Movie Review

Film Review: PERSON TO PERSON (2017): A Simple, Silly Day In The Life Of New York City

Michael Cera Abbi Jacobson Person To Person

Person To Person Review

Person to Person (2017) Film Review, a movie directed by Dustin Guy Defa, and starring Michael Cera, Abbi Jacobson, Philip Baker Hall, Michaela Watkins, Tavi Gevinson, Olivia Luccardi, Craig Butta, Ben Rosenfeld, Hunter Zimmy, Bene Coopersmith, George Semple III, Buddy Duress, Isiah Whitlock Jr., Okieriete Onaodowan, and Marsha Stephanie Blake.

In an era where it seems like every other movie is a sequel, spin-off, reboot, or revival of another, it’s important to not forget the simple pleasure of a self-contained story. Although many in Hollywood may have forgotten the uncomplicated joy that can come from such a story, indie director Dustin Guy Defa has not as evidenced by his second feature film Person to Person. Boasting an ensemble cast of both known and unknown talents, the Sundance Film Festival selection treats viewers to a short, sweet story – or rather, a series of short, sweet stories.

Set over the course of a single day, the movie documents the activities and going-ons of several very different people living in New York City. Claire (Abbi Jackson) is a young journalist assigned a murder story her first day of the job by her editor Phil (Michael Cera), whose non-professional intentions towards her would be creepy if they weren’t so laughably harmless. Awkward adolescent Wendy (Tavi Gevinson) wrestles with her identity as her best friend Melanie (Olivia Luccardi) pursues boys, a pursuit that Wendy isn’t sure she has much of a stake in.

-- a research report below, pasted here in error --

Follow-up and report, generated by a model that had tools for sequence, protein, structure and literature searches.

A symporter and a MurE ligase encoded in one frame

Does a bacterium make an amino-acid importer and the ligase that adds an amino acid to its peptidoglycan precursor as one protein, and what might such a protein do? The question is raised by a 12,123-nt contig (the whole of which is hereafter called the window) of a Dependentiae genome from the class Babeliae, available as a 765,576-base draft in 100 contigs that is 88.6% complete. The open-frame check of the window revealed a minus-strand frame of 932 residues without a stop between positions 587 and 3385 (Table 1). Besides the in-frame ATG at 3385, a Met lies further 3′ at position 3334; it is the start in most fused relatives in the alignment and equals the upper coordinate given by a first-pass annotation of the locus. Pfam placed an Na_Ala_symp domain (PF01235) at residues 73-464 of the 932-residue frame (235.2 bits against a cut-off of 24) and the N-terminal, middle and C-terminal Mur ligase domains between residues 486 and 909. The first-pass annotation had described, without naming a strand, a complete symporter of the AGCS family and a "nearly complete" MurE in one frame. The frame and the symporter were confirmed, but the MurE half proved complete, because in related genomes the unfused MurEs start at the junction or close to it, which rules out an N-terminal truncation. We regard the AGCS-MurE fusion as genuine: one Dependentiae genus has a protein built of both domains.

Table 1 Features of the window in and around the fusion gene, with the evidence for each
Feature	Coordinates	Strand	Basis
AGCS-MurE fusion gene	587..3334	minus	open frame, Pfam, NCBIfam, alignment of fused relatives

But the silliest stories have to be Bene’s (Bene Coopersmith) and Ray’s (George Semple III). Bene is a zealous music hunter who goes on the warpath after he buys a rare vintage album that turns out to be fake and Ray is his roommate who runs afoul of his girlfriend’s brother Buster (Isiah Whitlock Jr.) after he posts nude pictures of her online in revenge for her cheating on him. As you might imagine, much of the humor in these sub – or co-, rather – plots is derived from their cat and mouse dynamics. Bene is the cat, pedaling after the kid who burned him through the streets of the city as light jazz music plays, and Ray is the mouse, concocting a pathetically false story while on the phone with Buster to keep his location a secret.

This heightened but nevertheless realistic comedic sensibility is present in the other story arcs as well, with one playfully ridiculous scene between Claire and the chief suspect in her murder story, the victim’s wife (Michaela Watkins). After initiating contact with her, Claire immediately gets cold feet and hesitates, retrieving a loaf of bread her quarry dropped upon turning around to see her and acting like she hadn’t approached her at all. The wife, however, asks Claire why she approached her and she insists that it was simply to pick her bread up for her. Of course, the woman points out that the reason she dropped the bread was because she tried to face her, a move that was prompted by Claire’s calling out to her. Improbably, Claire denies this is what happened even though it’s exactly what happened, leading to a brief back and forth that even more improbably leaves the wife wondering if Claire’s account of events is the correct one. The argument is absurd, but the characters’ are so invested in it that neither of them is able to pick up on this, adding to the ingenious incongruity of the whole thing.